The Process of Co-Writing and Publishing ‘Hijabi Girl’

by Hazel Edwards OAM

‘Excellent story, lots of warmth and humour even though dealing with a difficult subject. I loved Miss as the very Hungry Caterpillar in her red high heeled shoes.’ Margaret Clark (author)

When your author peers commend a book, that’s a relief. Especially if it has been a culturally challenging process to get the book published.

How did the process start? When I spoke at a literary event four years ago, Ozge who is a qualified children’s librarian requested a ‘fun’ story of a young girl in a hijab, for Book Week Parades. Her students wanted a character with whom they could identify and dress up as.

Aware of the cultural challenges, I suggested Ozge wrote it. Ozge counter-suggested we co-wrote. So, across two years and 41 rejections, we did.

Pitched our proposal in various formats to 41 publishers, here and overseas. Sometimes more than once. Picture book. Short story. Middle grade chapter book. (Now, I think it would make an excellent TV series based in a mainstream school, not forgetting partly autobiographical Miss, the teacher.)

Although some literary critics have strong views on ‘Diversity’ and whether only people who originate in a culture are entitled to write fiction about that culture, I disagree. Collaboration is an effective way of combining cultures and writing skills and reaching wider audiences.

Research and respect is important.

I’ve collaborated before with ‘experts’ in various fields, but the political/ religious/cultural issues of Islam, frightened some.

Meanwhile, we wanted to tell a funny, accessible story of a feisty girl who was good at solving problems and who incidentally wore a hijab.

While respecting her culture, we wanted to de-mystify and remove the fear of the unknown. But we were NOT writing propaganda.

I’m a hybrid author in that I publish with traditional publishers like Penguin, but I’ve also ventured into self-publishing which is NOT vanity.

The unknown Islamic culture of our ‘Hijabi Girl’ proposal frightened traditional publishing meetings.

Original proposal was a picture book to appeal to all ages including literacy students, but changed to junior chapter book due to cost. Titles matter. We had many. But eventually decided to be specific and call it ‘Hijabi Girl’ rather than ‘That Unforgettable Book Parade’ or similar. We also played around with including Girls’ Aussie Rules in the title, as football was one of Melek’s passions, but decided to downplay or save for sequels. (Ozge is a keen Essendon fan with a red and black hijab).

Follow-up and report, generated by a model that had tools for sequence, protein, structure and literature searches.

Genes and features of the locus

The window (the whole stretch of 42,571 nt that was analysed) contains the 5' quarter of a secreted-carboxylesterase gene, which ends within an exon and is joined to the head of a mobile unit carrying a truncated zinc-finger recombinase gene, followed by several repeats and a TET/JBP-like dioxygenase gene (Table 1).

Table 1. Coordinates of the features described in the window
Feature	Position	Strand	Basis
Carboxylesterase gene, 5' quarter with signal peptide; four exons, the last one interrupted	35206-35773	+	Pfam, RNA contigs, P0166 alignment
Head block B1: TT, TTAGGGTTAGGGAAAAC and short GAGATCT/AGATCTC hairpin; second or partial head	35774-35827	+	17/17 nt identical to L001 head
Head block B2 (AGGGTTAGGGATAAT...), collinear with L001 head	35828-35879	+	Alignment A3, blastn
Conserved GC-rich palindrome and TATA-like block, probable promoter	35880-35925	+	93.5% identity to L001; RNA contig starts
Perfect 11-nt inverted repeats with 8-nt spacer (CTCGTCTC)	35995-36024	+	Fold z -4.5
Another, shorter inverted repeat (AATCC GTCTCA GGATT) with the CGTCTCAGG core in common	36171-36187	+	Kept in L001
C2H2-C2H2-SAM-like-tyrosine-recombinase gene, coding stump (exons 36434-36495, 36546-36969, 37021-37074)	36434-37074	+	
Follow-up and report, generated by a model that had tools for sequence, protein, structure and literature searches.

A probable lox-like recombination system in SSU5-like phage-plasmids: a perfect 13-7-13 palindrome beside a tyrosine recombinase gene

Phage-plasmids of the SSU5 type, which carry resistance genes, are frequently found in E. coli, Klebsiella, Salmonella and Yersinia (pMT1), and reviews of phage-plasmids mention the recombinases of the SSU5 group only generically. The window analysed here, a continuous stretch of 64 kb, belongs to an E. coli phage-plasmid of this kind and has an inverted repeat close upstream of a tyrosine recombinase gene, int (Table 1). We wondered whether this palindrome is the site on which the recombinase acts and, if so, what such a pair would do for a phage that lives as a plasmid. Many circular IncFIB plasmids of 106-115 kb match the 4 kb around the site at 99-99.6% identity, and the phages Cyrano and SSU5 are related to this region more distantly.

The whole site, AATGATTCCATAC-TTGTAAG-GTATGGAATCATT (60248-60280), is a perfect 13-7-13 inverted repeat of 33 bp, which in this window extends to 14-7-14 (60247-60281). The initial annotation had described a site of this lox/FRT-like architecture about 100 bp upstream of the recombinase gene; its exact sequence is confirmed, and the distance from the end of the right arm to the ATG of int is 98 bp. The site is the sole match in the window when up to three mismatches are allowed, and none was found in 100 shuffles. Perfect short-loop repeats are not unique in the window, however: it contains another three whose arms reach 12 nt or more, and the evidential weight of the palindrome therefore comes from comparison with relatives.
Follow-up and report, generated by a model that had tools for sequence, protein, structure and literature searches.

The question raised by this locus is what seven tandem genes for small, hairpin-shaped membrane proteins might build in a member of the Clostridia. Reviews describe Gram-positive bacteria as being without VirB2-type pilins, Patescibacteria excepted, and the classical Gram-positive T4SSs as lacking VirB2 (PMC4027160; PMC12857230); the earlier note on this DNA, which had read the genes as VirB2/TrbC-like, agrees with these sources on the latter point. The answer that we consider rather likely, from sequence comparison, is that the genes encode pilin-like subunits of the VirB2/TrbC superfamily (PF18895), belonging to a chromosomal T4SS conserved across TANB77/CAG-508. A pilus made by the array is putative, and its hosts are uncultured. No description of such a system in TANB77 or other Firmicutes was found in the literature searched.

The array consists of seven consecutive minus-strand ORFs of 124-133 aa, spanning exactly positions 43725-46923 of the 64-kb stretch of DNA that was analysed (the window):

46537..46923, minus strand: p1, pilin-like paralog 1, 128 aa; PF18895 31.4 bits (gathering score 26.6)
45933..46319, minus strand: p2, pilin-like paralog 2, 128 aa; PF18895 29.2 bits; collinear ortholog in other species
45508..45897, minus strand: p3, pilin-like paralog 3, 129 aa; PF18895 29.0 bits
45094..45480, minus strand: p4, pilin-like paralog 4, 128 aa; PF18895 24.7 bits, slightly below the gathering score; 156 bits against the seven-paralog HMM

The cover by highly experienced illustrator Serena Geddes, and the design of the teachers’ notes with cultural hints, curriculum links and activities are important assets.

We researched, with respect. Visited the mosque, the Islamic Museum and were invited to a Street Iftar during Ramadan.

Culturally apt as Ozge checked facts. Also issues like whether our character’ Melek’s skirt and sleeves were modest length. Culturally girls acquire the hijab at puberty, but we were aware of younger girls wearing it proudly by choice, as Ozge did. We still made our girl 8-ish and dealing with comments like ‘What’s that towel on your head for?’ or ‘Have you got cancer?’

Giving our Melek character an interest in Aussie Rules Girls’ football was again partly based on co-author Ozge being a footy fan in a red /black colour- coded hijab. We approached the football authorities to see if they’d be interested. No response.

I decided to self-publish with Bookpod carrying the cost myself. Illustrations and cover were paid. We had a co-creators contract based on the ASA one.

Ideally we’d eventually like an international traditional publisher to take on ‘Hijabi Girl’ as a potential series.
Ironically Simon& Schuster has just started a Muslim Children’s imprint in the week we published out ‘Hijabi Girl’ junior chapter book with Bookpod.

Our fiction is becoming fact. Now there are girls in hijabs playing sport and colour coded hijabs for footy fans and even a Hijabi Barbi doll.

Maybe there will also be a little more tolerance via books shared.
That’s what I was investing in as an author-publisher. Not vanity.

Additional Information has ISBN and where book can be bought in e or print format.
Price $15 print. $5.00 e-book.
Free downloadable classroom playscript suitable for Book Week Parades.
Buy from Bookpod.

Hijabi Girl co-written by Hazel Edwards & Ozge Alkan & illustrated by Serena Geddes. Publisher Bookpod. Discussion notes and activities help explain cultural issues.